Sunday, November 10, 2013
By Ilya Marritz
Some Roosevelt Islanders discover they still depend on land lines.
Wednesday, February 27, 2013
By Mirela Iverac : Reporter, WNYC News
On Roosevelt Island, residents are asking for a change in their public safety leadership after an incident involving a resident who said he was beaten by public safety officers while waiting for a friend in front of a building.
Sunday, October 14, 2012
By Ilya Marritz
Cornell University is for the first time detailing its plans to transform a 12.5-acre site on Roosevelt Island into what university officials claim will be the first information-age research campus designed from the ground up.
Thursday, February 16, 2012
By Stan Alcorn
The tech campus planned for Cornell may be the silver bullet for retail in a primarily bedroom community of 14,000 with no major employers other than two hospitals – one which will be demolished for the new campus --- and where there is nowhere to buy a bottle of wine or an ice cream cone.
TN MOVING STORIES: FAA to Unveil New Pilot Fatigue Rules, GOP Wants CA Bullet Train Audit, TSA Chorus Serenades LAX
Wednesday, December 21, 2011
By Kate Hinds
Top stories on TN:
Your TN Transportation and Infrastructure Holiday Gift Guide: New York Edition (link)
Deal Reached on Controversial NYC Taxi Plan (link)
Newt Gingrich: Rail Visionary, Lover of Oil (link)
Rating Agency Says Loss of Tax Revenue Could Hurt NY MTA (link)
Cashless Tolling In NYC – Not Yet, But Moving Toward It (link)
The Federal Aviation Administration will release new rules for addressing pilot fatigue today. (The Hill)
House Republicans are calling for a GAO audit into California's high-speed rail program. (McClatchy via Miami Herald)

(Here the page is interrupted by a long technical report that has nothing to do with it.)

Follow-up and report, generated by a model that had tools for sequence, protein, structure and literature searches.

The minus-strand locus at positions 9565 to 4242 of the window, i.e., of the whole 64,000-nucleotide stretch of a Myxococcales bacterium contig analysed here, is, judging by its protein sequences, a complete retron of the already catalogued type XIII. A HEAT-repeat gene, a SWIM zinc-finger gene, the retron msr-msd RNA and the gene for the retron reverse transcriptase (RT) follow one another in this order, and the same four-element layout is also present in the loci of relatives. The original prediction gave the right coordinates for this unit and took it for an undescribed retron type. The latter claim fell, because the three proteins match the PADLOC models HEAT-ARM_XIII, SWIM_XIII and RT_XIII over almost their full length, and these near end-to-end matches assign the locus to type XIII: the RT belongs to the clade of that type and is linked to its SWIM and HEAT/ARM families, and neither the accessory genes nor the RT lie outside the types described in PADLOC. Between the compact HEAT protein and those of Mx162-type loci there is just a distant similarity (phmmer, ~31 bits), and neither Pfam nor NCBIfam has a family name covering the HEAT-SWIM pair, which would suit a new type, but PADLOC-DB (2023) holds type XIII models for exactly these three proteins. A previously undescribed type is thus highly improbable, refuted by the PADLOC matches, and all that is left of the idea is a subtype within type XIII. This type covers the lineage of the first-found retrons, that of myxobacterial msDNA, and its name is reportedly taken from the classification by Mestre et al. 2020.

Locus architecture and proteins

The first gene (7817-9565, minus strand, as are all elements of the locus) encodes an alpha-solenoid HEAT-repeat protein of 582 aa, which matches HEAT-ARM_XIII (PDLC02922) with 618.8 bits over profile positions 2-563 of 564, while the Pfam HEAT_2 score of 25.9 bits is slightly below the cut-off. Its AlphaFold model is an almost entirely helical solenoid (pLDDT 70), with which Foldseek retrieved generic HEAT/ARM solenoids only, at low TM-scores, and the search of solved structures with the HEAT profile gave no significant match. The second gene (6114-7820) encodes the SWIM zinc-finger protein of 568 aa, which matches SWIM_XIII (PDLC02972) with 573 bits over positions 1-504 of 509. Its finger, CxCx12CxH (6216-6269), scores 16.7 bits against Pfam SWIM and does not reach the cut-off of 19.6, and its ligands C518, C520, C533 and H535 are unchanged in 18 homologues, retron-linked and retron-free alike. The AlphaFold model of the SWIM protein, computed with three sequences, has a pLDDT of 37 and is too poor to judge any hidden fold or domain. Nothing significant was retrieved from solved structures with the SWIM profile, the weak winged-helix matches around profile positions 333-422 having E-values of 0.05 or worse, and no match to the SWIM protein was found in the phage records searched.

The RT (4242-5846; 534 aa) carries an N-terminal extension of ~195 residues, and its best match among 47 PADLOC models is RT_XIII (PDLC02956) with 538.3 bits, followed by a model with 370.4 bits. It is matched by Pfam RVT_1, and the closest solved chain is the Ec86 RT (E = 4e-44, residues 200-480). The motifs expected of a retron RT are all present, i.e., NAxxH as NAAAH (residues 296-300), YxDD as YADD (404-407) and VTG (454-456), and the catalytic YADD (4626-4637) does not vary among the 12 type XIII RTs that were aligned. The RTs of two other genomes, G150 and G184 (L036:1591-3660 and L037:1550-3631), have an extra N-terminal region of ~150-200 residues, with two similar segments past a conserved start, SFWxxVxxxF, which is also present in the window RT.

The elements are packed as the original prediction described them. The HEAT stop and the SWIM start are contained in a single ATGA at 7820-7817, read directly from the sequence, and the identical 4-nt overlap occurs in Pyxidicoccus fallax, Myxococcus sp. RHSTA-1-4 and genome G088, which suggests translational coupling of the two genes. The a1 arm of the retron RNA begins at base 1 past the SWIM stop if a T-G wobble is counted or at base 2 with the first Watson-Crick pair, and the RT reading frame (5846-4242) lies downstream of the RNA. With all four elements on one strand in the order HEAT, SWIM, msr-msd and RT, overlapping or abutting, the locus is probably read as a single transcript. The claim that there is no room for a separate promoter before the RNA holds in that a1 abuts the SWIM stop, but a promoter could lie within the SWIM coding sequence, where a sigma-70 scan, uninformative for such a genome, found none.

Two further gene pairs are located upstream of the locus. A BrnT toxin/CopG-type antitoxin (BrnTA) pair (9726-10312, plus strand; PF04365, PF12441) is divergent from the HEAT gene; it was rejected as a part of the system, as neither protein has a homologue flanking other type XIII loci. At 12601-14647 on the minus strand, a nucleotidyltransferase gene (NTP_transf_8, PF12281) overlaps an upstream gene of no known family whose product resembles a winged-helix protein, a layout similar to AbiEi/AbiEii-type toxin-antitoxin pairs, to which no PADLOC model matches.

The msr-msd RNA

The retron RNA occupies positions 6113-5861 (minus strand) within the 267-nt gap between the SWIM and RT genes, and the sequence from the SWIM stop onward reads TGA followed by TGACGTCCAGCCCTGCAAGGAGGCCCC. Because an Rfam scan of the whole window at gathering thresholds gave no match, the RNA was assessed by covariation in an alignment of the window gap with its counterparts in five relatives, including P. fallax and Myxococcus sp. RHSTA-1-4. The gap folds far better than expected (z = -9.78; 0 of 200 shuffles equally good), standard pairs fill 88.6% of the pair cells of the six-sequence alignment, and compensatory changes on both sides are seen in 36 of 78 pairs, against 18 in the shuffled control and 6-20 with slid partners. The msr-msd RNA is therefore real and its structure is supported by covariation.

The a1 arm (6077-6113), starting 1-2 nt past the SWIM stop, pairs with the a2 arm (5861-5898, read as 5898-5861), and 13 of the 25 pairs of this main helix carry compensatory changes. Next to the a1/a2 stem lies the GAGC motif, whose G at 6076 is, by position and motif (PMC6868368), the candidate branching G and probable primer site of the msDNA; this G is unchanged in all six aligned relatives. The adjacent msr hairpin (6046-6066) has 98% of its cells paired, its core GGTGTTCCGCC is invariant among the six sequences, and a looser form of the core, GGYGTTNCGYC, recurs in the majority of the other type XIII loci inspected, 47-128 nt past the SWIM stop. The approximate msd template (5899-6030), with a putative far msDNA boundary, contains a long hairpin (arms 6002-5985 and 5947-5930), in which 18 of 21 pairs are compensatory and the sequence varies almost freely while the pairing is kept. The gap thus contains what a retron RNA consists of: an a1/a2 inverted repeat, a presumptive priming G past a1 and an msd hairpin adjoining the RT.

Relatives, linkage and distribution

Congress moves toward a tougher stance on pipeline safety, but is it enough? (ProPublica)
Now that Troy has rejected federal funds for a regional transit center, other Michigan cities are scrambling to claim it. (Detroit Free Press)
Battered by criticism and low sales, Honda will redesign its Civic -- just eight months after releasing the last version. (Changing Gears)
Reimagining highway routes as a transit map. (Cambooth.net)
The nostalgia train brought out New Yorkers' inner flappers/Southern gentlemen/vaudeville hosts. (Wall Street Journal)
Cap'nTransit asks: will Cornell's Applied Sciences campus on New York's Roosevelt Island be car-free?
TSA agents in Los Angeles are trying to get on passengers' good sides by singing holiday carols. (Marketplace; video below)
Tuesday, December 20, 2011
By Fred Mogul : Reporter, WNYC News
Residents of a Roosevelt Island nursing home and rehabilitation center, as well as neighborhood locals, are concerned about their fate as the city moves forward with plans to build a new high tech campus on the island.
Thursday, October 13, 2011
By Amy Pearl
Ever wanted to see inside a waste water treatment plant? Or visit Edward Hopper's studio? What about taking a bike tour led by local high school students? This weekend is your chance.
Monday, September 12, 2011
Construction of the Franklin Delano Roosevelt memorial on the southern tip of Roosevelt Island has been going on for just several months — but the designs for the structure are nearly 40 years old.
Friday, May 27, 2011
By Erica Getto
“Top Gun” on the roof of the Intrepid. "The Brother from Another Planet" on the banks of the East River. "Ghostbusters" in the shadow of the Brooklyn Bridge. Nothing says summer like outdoor movies — and this year the city has a rich, diverse offering of free and low-cost flicks. Choose one from WNYC's interactive map here, then grab a friend, pack a picnic dinner and check out a film under the city stars.